Has Newk been cheated by the Coop?

Upon the passing of Minnie Miñoso, we saw a number of tributes, all of them no doubt well-deserved. Many of those did make the case, off-handedly or not, that Miñoso has long belonged in the Hall of Fame.

But this one, from historian Adrian Burgos Jr., included a new one (at least for me):

The Hall of Fame has long enforced its rule that individuals could only be considered for the Hall of Fame as either a player in the major leagues or in Negro Leagues, an umpire or team/league executive. This has meant that Miñoso would either be considered as a Negro Leaguer or as a major leaguer, but voters could not take into consideration what he accomplished in the other circuit in casting one’s vote.

Enforcement of this rule has harmed Miñoso and fellow integration pioneer Dodgers pitcher Don Newcombe, more than any other candidates from the “Golden Era” of baseball history. Both Miñoso and Newcombe performed three years (or more) in the Negro Leagues, and then waited several seasons in the minors, and not because they lacked big league skills. Rather, they were victims of the slow pace of integration in the majors. Moreover, they had the ironic misfortune of having signed with big league organizations (Cleveland and Brooklyn) that were aggressive in signing talent from the black baseball world.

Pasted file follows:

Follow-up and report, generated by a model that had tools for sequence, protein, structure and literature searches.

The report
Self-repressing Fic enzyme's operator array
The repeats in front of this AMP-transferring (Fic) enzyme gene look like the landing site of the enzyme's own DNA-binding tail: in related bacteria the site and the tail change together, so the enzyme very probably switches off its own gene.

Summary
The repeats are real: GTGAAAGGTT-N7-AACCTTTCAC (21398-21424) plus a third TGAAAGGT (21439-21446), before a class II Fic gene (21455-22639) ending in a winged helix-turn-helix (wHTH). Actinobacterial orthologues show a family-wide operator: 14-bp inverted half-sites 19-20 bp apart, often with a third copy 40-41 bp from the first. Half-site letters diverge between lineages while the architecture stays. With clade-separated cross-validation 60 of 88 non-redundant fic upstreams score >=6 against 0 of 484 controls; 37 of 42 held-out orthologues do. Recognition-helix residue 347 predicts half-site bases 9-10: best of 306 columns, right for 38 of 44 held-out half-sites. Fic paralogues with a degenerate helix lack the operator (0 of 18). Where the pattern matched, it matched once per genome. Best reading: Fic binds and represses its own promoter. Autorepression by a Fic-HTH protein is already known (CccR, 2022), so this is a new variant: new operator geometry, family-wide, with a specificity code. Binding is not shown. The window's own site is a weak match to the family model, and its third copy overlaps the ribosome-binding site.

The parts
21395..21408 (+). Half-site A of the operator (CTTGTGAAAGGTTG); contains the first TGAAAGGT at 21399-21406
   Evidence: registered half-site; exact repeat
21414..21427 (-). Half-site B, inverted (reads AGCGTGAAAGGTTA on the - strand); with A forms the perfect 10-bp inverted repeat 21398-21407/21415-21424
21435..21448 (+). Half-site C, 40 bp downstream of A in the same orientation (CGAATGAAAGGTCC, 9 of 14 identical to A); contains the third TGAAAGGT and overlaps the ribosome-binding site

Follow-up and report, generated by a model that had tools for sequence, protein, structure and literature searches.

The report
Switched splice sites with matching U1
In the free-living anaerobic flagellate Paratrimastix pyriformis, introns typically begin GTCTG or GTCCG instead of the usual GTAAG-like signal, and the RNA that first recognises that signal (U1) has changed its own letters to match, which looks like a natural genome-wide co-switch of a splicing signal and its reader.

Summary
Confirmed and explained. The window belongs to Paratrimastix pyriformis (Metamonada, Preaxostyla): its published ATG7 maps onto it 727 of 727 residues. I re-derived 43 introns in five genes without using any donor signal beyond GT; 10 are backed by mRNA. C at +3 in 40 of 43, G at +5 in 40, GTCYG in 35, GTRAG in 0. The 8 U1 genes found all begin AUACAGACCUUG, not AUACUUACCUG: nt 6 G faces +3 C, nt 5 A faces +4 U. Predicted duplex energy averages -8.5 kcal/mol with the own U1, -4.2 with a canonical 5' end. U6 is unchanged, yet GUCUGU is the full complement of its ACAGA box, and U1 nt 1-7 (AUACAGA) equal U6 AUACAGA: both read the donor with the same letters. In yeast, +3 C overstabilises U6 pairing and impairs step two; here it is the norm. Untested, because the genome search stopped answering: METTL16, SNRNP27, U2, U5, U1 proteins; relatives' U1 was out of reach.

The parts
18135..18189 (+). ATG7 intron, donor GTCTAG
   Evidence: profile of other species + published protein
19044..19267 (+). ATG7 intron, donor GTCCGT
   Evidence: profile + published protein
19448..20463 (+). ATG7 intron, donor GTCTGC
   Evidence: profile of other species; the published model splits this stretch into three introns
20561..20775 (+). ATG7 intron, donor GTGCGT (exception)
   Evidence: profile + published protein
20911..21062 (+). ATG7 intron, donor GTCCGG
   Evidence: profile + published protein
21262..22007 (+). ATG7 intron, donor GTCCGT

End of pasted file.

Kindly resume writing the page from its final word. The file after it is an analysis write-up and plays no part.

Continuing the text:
Burgos’s point is essentially that if Miñoso and Newcombe had not been signed by relatively enlightened franchises, they might have hung around in the Negro Leagues long enough to pile up big numbers there. Monte Irvin’s the best example of someone who did that.

I’m not going to get into Miñoso here, because that’s a long, long essay and I’ve written at least a couple of versions already. What’s new here is the idea that Newcombe has also been jobbed by the Hall’s rules (not to mention racism, segregation, etc.).

Maybe Burgos has better numbers — and I’m not home, so I can’t check other sources — but Baseball-Reference.com has Newcombe pitching in the Negro Leagues in just two seasons: 1944 and ’45, when a) he was 18 and 19, and b) professional baseball at every level was utterly denuded by the draft.

I’m not saying Newcombe wasn’t a talented 18- and 19-year-old, because I’m certain that he was wildly talented. For an 18- and 19-year-old.

Newcombe signed with the Dodgers in 1946, and spent both ’46 and ’47 with the Dodgers’ Class B Nashua club. His first season, Newcombe was easily the youngest pitcher on the staff and arguably the best, but wasn’t promoted because … well, probably because the Dodgers had only two farm teams with black players in ’47, and Newcombe wasn’t deemed quite ready for the big jump to Montreal.

When I get home, I’ll do a little digging. Regardless, Newcombe spent another season in Nashua and pitched almost exactly as well. That did get him to Montreal in ’48, and he pitched exceptionally well … only to return to Montreal in ’49.

Not for long, though. Newk made only five starts for the Royals, then debuted with the big club on May 20, getting hammered in a seventh-inning relief appearance. Undaunted, just two days later he pitched a five-hit shutout against the Reds in Cincinnati.

And the rest, as they say, is history.

Well, except it’s easy to forget that Newcombe, like an awful lot of players in that era, spent a couple of seasons in the service. Newcombe missed two full seasons, 1952 and ’53. He’d been great in ’51, but struggled some upon his return to the Dodgers in ’54, before getting back on the beam in ’55.